The court concluded that Plaintiff’s act of reporting the OLCC violations was not a job-related right of the nature sufficient to support a claim for wrongful discharge. In that context, a job-related right is a personal right or benefit of public importance, as indicated by statutory and constitutional provisions and case law, to which the worker is entitled by virtue of his or her employment. Holien, 298 Or at 90; see Brown/Shidler v. Board of Education, 207 Or.App. 163, 169, 139 P3d 1048, rev den, 342 Or 253 (2006) (explaining that a job-related right is “a personal benefit or right to which the employee is entitled as a matter of public policy.”). Examples include workers’ compensation benefits or resistance to sexual harassment or discrimination. Holien, 298 Or at 90 (statutes and case law prohibiting sexual harassment establish important public policy related to rights of employee). The reporting of OLCC violations, although potentially in the employee’s personal interest, is not a right of employment; no statute, rule, constitutional provision or case law confers it. See Dymock v. Norwest Safety Protective Equipment, 334 Or 55, 60, 45 P3d 114 (2002) (Although statute declared that noncompetition agreements presented to employees at times other than those permitted by statute are void, nothing in statute conferred a right to refuse to sign such agreements for purposes of wrongful discharge.).

The court also concluded Plaintiff did not carry out a public duty that enjoys protection from an employer’s ability to terminate an employee at will. Relying on the Supreme Court Babick decision, requiring the employee to be under a statutory obligation to report the violation. The Court explained:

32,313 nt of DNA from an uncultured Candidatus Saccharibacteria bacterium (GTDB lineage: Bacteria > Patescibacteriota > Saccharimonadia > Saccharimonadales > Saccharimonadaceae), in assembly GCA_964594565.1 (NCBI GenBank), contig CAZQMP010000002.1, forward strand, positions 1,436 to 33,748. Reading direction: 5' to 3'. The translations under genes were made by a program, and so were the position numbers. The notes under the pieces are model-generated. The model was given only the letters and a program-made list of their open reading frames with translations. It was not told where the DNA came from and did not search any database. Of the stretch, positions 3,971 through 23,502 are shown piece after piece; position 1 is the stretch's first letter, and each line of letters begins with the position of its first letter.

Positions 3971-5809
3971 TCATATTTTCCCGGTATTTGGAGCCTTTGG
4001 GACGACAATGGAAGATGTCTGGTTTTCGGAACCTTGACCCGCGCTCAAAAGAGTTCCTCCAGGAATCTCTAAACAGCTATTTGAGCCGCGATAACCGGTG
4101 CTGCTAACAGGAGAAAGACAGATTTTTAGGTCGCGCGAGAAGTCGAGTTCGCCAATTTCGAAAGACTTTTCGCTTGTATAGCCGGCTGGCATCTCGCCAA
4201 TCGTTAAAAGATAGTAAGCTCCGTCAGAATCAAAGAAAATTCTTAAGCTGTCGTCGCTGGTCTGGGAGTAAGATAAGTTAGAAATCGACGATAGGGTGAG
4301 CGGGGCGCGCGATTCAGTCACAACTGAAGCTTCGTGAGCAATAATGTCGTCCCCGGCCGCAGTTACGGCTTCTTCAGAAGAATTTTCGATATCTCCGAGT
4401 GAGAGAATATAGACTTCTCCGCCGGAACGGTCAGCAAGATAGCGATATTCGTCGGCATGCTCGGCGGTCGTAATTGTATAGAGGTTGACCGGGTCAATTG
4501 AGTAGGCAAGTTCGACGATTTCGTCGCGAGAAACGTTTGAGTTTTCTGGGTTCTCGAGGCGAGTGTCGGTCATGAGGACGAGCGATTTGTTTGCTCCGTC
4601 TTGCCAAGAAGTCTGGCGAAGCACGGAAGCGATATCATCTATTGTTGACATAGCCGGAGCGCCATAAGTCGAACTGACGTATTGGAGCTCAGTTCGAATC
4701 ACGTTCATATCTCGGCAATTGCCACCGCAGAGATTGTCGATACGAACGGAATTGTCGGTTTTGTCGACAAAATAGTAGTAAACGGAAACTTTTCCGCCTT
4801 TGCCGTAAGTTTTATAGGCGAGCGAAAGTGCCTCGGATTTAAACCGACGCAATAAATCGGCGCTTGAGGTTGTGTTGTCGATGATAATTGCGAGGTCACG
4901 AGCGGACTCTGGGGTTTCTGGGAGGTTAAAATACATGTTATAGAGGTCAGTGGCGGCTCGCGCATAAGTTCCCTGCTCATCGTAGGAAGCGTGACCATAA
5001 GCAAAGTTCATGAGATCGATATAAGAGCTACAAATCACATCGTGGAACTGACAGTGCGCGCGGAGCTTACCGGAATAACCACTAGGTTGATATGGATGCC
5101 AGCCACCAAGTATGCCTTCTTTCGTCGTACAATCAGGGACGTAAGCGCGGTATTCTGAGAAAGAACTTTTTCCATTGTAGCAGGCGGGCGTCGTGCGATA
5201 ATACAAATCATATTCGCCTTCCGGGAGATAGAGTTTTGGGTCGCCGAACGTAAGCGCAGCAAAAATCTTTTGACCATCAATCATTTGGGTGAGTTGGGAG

In Babick’s wake, we must conclude that, for purposes of wrongful discharge, the class of conduct that is deemed to ‘enjoy high social value’ is very narrowly circumscribed. Nevertheless, that class consists at least of (1) conduct that, by statute or rule, is explicitly described as being of high social value; and (2) conduct that is similar to that giving rise to legally compelled obligations to act in other, analogous contexts. However, it is also apparent from Babick that general public concern over a particular social problem ( e.g., the use of controlled substances in Babick ) does not necessarily give rise to a protected ‘important public duty’ to act, regardless of how ostensibly laudable the actor’s efforts may be.

The Court also rejected the Plaintiff’s contention that his actions in reporting the OLCC violations were analogous to those of a “whistleblower,” who enjoys protection from discharge for reporting or disclosing certain abuses or illegal behaviors of the employer. Lamson, 216 Or.App. at 380-81. Whistleblowing typically involves reporting or threatening to report an employer’s wrongdoing of significant concern to public health or safety. See, e.g., Love, 209 Or.App. at 476 (employer cover-up of fatal workplace accident); Hirsovescu v. Shangri-La Corp., 113 Or.App. 145, 148-49, 831 P.2d 73 (1992) (making good faith reports of suspected violations of nursing home patients’ rights). There was no evidence presented here from which it could be found that the OLCC violations that plaintiff reported to his employer presented a significant concern to public health or safety. It reached the same conclusions as to whistleblowing with respect to the reporting of immigration violations. Plaintiff did not cite any statute or administrative rule that explicitly or implicitly imposed on him an affirmative duty to report the alleged violations.

In Oregon, drinking on the job or hiring illegal aliens are not significant concerns to public health and safety.